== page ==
Three candidates seek two Merrimack town council seats
MERRIMACK — Three candidates are vying for two seats on the Merrimack Town Council in Tuesday's election.
Two incumbents, including Finlay Rothhaus and Bill Boyd, along with a current state representative, Lenette Peterson, are hoping to secure a position on the board.
Peterson, of 1 Elizabeth Dr., is a substitute teacher and sales associate for Reebok. She has served as a state representative for two terms, however this is her first run for a local town council seat.
"Over the past two terms, I have enjoyed working with and for the residents of Merrimack," said Peterson, announcing she will not run for re-election to the House in November. "I still want to serve the people of Merrimack, and if elected to the town council, I would be able to work full time and still fulfill my duties on the town council."
Peterson says she can bring fresh ideas to the board, adding she has a proven track record of sticking to her beliefs and not compromising her integrity.
"I do not believe in settling, as Merrimack deserves a town council member who has their best interests at heart," she said.
If elected, her three goals are to promote Merrimack as the perfect place to relocate businesses, to try and reduce or stabilize property taxes and to have personal property assessed uniformly throughout town.
"As the only non-incumbent running for town council, I am the underdog. But, I believe I am the best candidate for the job," said Peterson. "I would be going in with no expectations, everything will be a new experience, everything will be looked at and analyzed by a fresh set of eyes and with new ideas."
Peterson has been married for 24 years to her husband, Erik. They have two grown daughters.
Rothhaus, of 14 Kittredge Lane, is self-employed and previously served as a state representative in the 1990s. He has held numerous past positions in Merrimack, including selectman, planning board member, municipal budget committee member, school district planning and building committee member and more.
He has sat on the town council since 2006.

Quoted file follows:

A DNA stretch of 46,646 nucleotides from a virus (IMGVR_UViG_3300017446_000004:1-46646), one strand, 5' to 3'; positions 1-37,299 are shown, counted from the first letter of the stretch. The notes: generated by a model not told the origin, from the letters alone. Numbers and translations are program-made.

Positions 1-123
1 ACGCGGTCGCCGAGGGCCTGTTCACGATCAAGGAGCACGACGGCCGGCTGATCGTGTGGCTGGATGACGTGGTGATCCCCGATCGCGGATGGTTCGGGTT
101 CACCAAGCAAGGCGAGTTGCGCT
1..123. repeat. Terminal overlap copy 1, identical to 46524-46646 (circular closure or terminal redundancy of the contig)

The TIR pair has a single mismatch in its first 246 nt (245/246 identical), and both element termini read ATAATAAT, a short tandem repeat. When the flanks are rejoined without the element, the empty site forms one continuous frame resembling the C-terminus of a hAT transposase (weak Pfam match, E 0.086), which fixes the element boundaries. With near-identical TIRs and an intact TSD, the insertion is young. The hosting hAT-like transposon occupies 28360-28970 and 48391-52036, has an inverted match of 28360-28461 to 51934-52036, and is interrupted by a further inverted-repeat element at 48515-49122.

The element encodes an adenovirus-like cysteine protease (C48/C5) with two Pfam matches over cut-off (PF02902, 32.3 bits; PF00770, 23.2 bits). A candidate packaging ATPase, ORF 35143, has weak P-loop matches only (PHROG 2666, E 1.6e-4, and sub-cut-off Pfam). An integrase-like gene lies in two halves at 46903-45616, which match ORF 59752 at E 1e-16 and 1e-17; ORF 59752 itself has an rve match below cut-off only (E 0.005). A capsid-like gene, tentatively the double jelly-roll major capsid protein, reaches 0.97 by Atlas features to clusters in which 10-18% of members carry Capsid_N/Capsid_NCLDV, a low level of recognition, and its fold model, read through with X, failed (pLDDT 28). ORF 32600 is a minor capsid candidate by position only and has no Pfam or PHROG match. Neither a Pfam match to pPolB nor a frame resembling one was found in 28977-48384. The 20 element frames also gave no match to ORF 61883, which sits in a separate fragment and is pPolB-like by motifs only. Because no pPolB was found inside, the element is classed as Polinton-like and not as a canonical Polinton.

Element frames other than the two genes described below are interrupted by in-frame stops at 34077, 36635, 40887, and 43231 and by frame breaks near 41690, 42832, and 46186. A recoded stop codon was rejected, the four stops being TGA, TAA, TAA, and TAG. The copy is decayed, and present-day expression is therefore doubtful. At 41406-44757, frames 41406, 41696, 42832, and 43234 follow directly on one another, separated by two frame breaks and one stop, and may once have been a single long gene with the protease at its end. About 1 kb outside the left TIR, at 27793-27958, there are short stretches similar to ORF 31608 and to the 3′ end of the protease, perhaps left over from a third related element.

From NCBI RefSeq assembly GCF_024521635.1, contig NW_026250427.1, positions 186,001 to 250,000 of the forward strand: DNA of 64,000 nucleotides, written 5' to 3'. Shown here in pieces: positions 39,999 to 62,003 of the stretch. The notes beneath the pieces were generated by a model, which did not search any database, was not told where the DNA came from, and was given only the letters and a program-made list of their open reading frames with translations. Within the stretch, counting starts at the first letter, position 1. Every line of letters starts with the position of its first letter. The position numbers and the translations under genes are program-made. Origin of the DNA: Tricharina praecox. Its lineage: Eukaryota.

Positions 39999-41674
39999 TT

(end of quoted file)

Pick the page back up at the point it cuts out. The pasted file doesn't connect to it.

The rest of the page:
"I would like to continue the focus the council has had on economic development and providing for a sound infrastructure while at the same time maintaining a stable town property tax rate," said Rothhaus.
Rothhaus says he has worked hard to build a trusting relationship with business leaders, the town manager and other community members, adding he is committed to building a positive culture where citizens will have a voice.
According to Rothhaus, there are two major issues facing the town — the cost of the state retirement system and healthcare.
"A resolution to these problems, for the most part, lies with the state," he said. "In the meantime, we must continue finding creative ways to lessen our employees financial impact on these costs."
If re-elected, Rothhaus says he will encourage greater participation in single stream recycling so that the town can reap the financial benefits of the program.
As far as the town's existing spending plan, Rothhaus believes the town council has handled the budget well by maintaining a stable property tax rate and simultaneously placing greater emphasis on town infrastructure needs.
He has lived in Merrimack for 43 years with his wife, Laurie. They have three grown children.
Boyd, of 139 Joppa Road, is a provider relations representative for Cenpatico.
He has served on the town council since 2011, and previously sat on other town boards, including the Economic Development Citizens Advisory Committee, planning board and school budget committee.
"I want to further serve on the town council to continually ensure that our town positions itself strategically for future growth, remains fiscally sound to accommodate that growth and continues its economic diversity while maintaining our business friendliness to preserve and protect our quality of life," said Boyd.
Boyd says his past three years of experience on the town council, along with his prior years of civic involvement, make him an ideal candidate and have prepared him for the future challenges the town will face in the next few years.
"Economic development continues to be the most important issue, and is vital to Merrimack's growth, locally and regionally," he said. "Economic development isn't just a concept, it's a mindset. And, we've established that mindset with our community and staff. And, that mindset tells companies that Merrimack is business-friendly. Now, we need to further build upon this success."
If re-elected, Boyd says he would like to help maintain and preserve Merrimack's quality of life through the budget, policy initiatives, community policing and economic development, while also developing new streams of revenue to offset the tax rate and save money for roads, bridges and other infrastructure projects.
He has been married to his wife, Michele, for nine years.
Election day is Tuesday. Polls are open from 7 a.m. to 7 p.m. at James Mastricola Upper Elementary School.